300 pounds and is thrown into debtor's prison. John wants to help his Pa but isn't sure how. He's being followed by interesting characters: a man claiming to be Inspector Copperfield, and Sari, a homeless girl who works as a "sneak" for hire. He also hopes that his great-aunt will help the family financially. But it turns out there is a greater mystery; several people are interested in what his father has invented, a technique
John Huffam’s life in Victorian London gets dangerous when his family is thrown out of their home because of his father’s gambling debts. Now his father may go to prison, and John has to ask his rich old aunt for money,and get a job. When John encounters some strange characters—an orphan girl named “Sary the Sneak” and a man called “Inspector Copperfield”—he begins to question the real reasons for his father’s arrest. The Traitors’ Gate by Avi is an action-packed story full of twists, turns, and ...more
Mar 29, 2009 Angie rated it liked it
Shelves: young-adult
I liked it. Not sure I see a kid/teen sticking through to the end ... but I liked it well enough. This was LOOSELY based (ie really not more than "inspired by") the early life of Charles Dickens. His father was sent to debtor's prison. John Huffam (main character in the book) sees his father put into debtor's prison and at the same time discovers all is not what it appears to be ... a whole other world of intrigue surrounds his father's life. And now John must enter that world with the help of a ...more
Dec 12, 2007 Chrissy rated it it was amazing
Recommends it for: Children & Dicken's lovers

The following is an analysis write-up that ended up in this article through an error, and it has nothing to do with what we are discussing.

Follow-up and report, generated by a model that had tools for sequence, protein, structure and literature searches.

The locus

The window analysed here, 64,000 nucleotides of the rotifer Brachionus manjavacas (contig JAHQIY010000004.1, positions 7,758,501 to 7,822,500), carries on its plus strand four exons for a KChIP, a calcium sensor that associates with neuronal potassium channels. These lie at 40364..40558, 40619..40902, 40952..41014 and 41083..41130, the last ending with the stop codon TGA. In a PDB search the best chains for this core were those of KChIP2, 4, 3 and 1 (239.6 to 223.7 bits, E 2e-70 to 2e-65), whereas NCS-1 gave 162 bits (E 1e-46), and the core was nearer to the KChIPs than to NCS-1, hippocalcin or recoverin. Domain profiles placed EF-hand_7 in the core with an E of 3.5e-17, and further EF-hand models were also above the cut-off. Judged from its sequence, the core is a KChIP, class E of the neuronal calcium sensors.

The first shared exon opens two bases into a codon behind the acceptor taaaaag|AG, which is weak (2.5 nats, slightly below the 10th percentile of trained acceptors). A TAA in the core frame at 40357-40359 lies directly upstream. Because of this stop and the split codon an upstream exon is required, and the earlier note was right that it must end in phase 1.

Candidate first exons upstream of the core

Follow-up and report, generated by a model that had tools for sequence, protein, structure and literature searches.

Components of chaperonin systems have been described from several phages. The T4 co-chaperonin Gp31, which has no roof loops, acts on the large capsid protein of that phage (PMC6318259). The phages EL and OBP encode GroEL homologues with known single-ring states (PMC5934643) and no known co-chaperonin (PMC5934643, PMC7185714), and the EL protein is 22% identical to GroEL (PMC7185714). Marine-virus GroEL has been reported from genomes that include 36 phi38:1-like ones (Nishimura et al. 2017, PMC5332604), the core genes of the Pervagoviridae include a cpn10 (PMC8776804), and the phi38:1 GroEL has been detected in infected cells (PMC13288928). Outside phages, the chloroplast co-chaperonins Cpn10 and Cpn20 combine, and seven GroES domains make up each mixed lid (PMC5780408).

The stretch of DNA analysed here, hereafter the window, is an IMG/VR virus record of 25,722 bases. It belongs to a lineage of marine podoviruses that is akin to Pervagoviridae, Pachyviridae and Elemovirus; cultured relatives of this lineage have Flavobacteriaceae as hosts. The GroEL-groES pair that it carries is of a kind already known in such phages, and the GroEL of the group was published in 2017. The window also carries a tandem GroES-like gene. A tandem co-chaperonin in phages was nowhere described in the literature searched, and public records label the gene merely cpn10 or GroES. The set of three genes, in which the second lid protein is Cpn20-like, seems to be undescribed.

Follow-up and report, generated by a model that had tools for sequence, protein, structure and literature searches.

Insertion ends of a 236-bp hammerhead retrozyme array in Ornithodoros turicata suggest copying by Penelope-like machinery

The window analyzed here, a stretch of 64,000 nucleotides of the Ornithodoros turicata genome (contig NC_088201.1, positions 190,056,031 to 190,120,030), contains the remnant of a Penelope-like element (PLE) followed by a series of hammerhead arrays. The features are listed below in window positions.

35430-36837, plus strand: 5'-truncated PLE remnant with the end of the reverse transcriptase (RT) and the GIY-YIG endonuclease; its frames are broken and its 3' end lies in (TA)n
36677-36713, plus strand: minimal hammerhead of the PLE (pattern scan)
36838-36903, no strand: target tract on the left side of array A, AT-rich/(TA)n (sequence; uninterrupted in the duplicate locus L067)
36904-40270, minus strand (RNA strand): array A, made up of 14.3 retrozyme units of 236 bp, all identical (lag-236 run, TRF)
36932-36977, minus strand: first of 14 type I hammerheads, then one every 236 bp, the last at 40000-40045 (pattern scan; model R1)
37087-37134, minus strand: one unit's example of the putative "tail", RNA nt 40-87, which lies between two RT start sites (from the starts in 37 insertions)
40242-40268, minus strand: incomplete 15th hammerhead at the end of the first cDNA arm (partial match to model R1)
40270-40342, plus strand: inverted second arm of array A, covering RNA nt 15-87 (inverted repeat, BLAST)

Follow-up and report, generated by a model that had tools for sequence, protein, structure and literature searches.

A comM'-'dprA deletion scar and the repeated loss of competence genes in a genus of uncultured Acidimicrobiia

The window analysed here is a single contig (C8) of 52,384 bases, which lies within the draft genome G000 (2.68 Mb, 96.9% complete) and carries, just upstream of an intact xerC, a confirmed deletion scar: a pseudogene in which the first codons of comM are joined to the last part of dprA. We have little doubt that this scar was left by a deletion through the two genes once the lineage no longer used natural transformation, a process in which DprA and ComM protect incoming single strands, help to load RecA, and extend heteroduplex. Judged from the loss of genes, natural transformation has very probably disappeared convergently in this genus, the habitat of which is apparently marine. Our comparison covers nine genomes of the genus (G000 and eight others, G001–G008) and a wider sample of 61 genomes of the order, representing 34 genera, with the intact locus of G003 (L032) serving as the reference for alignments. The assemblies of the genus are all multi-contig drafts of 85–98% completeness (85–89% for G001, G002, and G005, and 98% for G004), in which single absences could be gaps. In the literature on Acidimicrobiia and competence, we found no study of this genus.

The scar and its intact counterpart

As I child it was an Avi book that opened my eyes to the beauty of books. I realized while reading The True Confessions of Charlotte Doyle, that reading invited all new worlds. . . Avi reminded me of this yet again when I picked up his latest book at our school bookfair. I got lost in it and was done in just 4 days! One of my students beat me at that, but I'm glad as he has now discovered Avi and his talents.

The Traitor's Gate is certainly a nod to Dickens and the London he created so expertly f
Miss Amanda
gr 5-9 351pgs

1849, London, England. John Huffam finds himself involved in a mystery when his father is suddenly put in to debtor's prison for failing to pay a 300 pound debt. How could his father, a "gentleman", have gotten into such trouble? As other characters repeatedly remind him, John is the only one in his family with any common sense, so it is up to him to save his family.

Interesting story with characters that seem like they're out of a Dickens' novel. The story does provide a lot of info
Jan 02, 2013 Clare rated it really liked it
Shelves: mystery, childrens
In 1849 in England, a young lad, John Huffam learns that his father's gambling debts have caused a multitude of problems, the least of which is having the family thrown out of their home. His father is put in prison until his debts can be paid. John must now come to terms with the loss of not only the life he knew, but also his childhood innocence. He earnestly strives to solve the mystery of who has brought charges against his father and to what purpose. This tale is rich in dialogue and ...more
Debbie Graham
Oct 26, 2012 Debbie Graham rated it liked it